Chris: Yes, I know.

Chris: I’m trying to troubleshoot, eliminating the possibility of this being a problem with ONE system.

Patricia Everest: I appologize that you are having problems connecting. lets try something else. where do you get your ip address

Chris: Admin Status page

Patricia Everest: what happens when you try to browse. do you get an error message, and what do you see?

Chris: timeouts

Patricia Everest: have you tried to connect with another computer?

Chris: are you kidding me?

Patricia Everest: no

Chris: scroll up

Patricia Everest: i don’t understand why you want me to scroll up

Chris: I’ve told you, nothing short of twice, that I have two systems connected to the puck.

Chris: They’re exhibiting the same problem.

Patricia Everest: sorry, you also said you cannot connect more than 1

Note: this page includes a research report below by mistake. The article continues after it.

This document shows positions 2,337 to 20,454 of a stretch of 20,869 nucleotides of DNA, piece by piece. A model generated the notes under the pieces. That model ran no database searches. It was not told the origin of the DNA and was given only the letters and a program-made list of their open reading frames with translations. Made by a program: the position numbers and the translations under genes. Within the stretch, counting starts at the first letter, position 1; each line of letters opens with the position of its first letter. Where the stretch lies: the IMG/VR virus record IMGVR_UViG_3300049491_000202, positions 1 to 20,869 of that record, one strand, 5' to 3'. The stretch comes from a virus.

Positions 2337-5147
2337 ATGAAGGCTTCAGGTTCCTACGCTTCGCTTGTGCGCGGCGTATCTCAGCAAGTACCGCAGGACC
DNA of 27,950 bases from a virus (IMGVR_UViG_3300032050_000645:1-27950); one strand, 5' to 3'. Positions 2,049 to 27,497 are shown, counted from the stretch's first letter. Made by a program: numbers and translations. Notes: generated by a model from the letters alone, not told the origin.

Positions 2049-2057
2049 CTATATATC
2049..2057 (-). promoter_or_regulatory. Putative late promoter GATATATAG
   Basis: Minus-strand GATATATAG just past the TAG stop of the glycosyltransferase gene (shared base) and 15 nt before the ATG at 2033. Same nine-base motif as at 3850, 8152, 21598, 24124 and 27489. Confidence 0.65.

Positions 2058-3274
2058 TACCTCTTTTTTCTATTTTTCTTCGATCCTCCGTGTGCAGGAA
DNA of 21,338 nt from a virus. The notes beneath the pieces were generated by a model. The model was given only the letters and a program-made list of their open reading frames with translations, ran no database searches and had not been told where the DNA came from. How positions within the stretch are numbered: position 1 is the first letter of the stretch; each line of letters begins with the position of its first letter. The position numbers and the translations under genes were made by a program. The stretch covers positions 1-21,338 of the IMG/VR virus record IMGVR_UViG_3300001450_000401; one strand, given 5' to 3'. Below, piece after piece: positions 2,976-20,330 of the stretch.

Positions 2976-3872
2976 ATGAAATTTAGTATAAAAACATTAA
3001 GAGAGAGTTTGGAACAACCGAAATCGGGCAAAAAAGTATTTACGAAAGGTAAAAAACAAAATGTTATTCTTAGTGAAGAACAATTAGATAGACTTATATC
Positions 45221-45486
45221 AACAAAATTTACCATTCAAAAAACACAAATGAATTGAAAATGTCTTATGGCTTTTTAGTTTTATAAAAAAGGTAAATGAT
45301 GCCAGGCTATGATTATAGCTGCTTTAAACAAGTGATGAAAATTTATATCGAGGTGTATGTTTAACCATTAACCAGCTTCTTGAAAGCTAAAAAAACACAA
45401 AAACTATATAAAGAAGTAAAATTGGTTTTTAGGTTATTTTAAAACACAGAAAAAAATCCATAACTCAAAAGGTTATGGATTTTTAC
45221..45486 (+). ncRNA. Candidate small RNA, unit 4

Chris: No, I didn’t.

Chris: I was correcting your error, in that you can’t connect to two access points from one antenna at the same time.

Patricia Everest: have you tried to ping?

Chris: Yep. “Unknown Host”

Patricia Everest: you have a valid ip address. have you tried resetting the puck?

Patricia Everest: are you still there?

Chris: I can’t even factory reset

Chris: i can’t get a connection

Chris: even after sticking a paper clip in the pinhole…

Patricia Everest: can I have your address please?

Chris: [redacted]

Patricia Everest: It seems that we are having some issues in WA with our signal. Our techs are working to solve the problem and should be working in a few hours

Chris: so my “free trial” was uselss?

Patricia Everest: no, you still have time to use, you will only miss a few hours

Chris: few hours? It was problematic last night.